August is traditionally when we start the biennial process of moving our herds onto new land.
By the time our pigs have spent two years on a site, it can start to look tired. The fresh start on new fields seems to give the pigs a real lift and, likewise, staff can also feel a boost with the advent of a new chapter in the farm’s life.
However, this upheaval creates a lot of extra work, and at a time of year when daylight hours are shortening fast, good planning and effective execution are essential.
This year we have been able to start the move slightly earlier. That’s because for the first time, all but one of our new fields have a cover crop of established grass and clover in place – not just bare stubble.
The field that isn’t in grass has just had a wheat crop harvested from it and has now also been drilled with grass.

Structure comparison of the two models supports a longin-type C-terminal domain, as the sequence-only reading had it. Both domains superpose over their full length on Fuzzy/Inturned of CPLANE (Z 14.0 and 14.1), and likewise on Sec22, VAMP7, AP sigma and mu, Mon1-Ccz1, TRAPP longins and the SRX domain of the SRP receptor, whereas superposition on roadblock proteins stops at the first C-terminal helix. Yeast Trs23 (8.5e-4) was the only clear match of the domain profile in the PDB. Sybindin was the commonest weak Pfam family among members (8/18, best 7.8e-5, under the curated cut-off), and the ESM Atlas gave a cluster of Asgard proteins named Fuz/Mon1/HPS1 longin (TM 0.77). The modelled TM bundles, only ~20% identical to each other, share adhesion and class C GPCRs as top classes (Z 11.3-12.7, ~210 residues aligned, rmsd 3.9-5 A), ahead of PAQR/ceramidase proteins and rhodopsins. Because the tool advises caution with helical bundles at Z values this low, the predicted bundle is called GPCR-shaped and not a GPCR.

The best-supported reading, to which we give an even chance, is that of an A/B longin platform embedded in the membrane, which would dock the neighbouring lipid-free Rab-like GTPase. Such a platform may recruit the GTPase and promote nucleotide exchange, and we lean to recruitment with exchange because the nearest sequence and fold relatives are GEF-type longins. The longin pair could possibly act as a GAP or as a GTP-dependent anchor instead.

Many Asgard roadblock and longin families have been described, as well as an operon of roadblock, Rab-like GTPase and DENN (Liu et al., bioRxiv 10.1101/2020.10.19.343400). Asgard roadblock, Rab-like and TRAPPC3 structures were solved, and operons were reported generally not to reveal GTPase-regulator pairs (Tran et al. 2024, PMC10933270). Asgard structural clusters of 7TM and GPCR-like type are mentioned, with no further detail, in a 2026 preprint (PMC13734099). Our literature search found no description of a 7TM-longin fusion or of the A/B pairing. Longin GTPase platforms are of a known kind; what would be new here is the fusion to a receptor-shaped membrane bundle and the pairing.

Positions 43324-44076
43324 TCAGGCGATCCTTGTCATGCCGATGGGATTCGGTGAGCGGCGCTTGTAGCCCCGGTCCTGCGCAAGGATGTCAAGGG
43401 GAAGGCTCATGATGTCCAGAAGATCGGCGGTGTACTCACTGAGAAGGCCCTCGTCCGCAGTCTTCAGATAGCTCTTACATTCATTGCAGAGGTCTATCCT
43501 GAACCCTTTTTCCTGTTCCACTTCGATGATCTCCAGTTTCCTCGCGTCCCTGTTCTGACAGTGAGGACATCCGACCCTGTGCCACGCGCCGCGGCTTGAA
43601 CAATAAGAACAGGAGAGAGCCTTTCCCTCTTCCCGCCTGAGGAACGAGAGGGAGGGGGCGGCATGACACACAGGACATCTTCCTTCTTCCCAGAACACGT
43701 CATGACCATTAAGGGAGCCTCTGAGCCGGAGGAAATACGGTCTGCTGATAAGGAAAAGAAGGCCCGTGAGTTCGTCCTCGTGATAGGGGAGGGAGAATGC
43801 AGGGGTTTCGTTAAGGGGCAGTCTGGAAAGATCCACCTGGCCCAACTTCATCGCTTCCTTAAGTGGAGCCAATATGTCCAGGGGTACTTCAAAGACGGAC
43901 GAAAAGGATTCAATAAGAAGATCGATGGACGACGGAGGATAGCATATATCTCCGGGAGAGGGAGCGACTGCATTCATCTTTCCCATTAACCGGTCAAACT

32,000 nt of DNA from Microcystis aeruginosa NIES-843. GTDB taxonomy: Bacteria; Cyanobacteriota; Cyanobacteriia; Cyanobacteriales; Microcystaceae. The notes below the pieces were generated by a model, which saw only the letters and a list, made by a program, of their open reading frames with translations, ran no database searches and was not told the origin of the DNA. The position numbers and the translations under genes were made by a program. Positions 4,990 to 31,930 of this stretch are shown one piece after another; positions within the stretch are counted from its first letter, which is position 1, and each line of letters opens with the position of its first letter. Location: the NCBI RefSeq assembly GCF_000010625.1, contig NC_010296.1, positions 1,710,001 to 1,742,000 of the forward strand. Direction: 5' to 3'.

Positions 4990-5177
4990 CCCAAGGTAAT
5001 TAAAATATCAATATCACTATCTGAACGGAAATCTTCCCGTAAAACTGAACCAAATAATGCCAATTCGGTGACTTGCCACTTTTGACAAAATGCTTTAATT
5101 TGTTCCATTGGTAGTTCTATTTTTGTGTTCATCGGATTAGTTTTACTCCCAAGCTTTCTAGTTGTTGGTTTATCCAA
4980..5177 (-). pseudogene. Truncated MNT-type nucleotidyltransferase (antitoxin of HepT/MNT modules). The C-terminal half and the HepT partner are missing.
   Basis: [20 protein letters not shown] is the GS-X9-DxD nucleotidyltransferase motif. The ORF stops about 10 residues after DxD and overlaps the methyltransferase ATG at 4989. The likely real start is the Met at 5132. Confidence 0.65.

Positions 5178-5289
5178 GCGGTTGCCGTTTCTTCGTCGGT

We hope we can get some greenery established by the time we make a late move there in November. But it’s a long shot and how successful it will be is very dependent on the next few weeks’ weather.
There are going to be two major design changes for this move. The first is separating our gilts from the main sow herd and giving them a specially designed service tent. The tent will have a radial of 14 paddocks, where they will be housed right up to one week before farrowing.
The hope is that this will improve our stock management during the crucial first pregnancy and subsequently improve future breeding performance.
Our second change is something of an experiment. We are going to build a set of dry sow paddocks in a way that allows half of each paddock’s area to be rested, while the other half is stocked.
This will allow the vegetation to recover well on the rested half before the paddock is flipped. A small reduction in stocking rate is required, but I’m sure the potential environmental benefits are going to make it worthwhile.
Rob manages an outdoor pig operation in north Norfolk.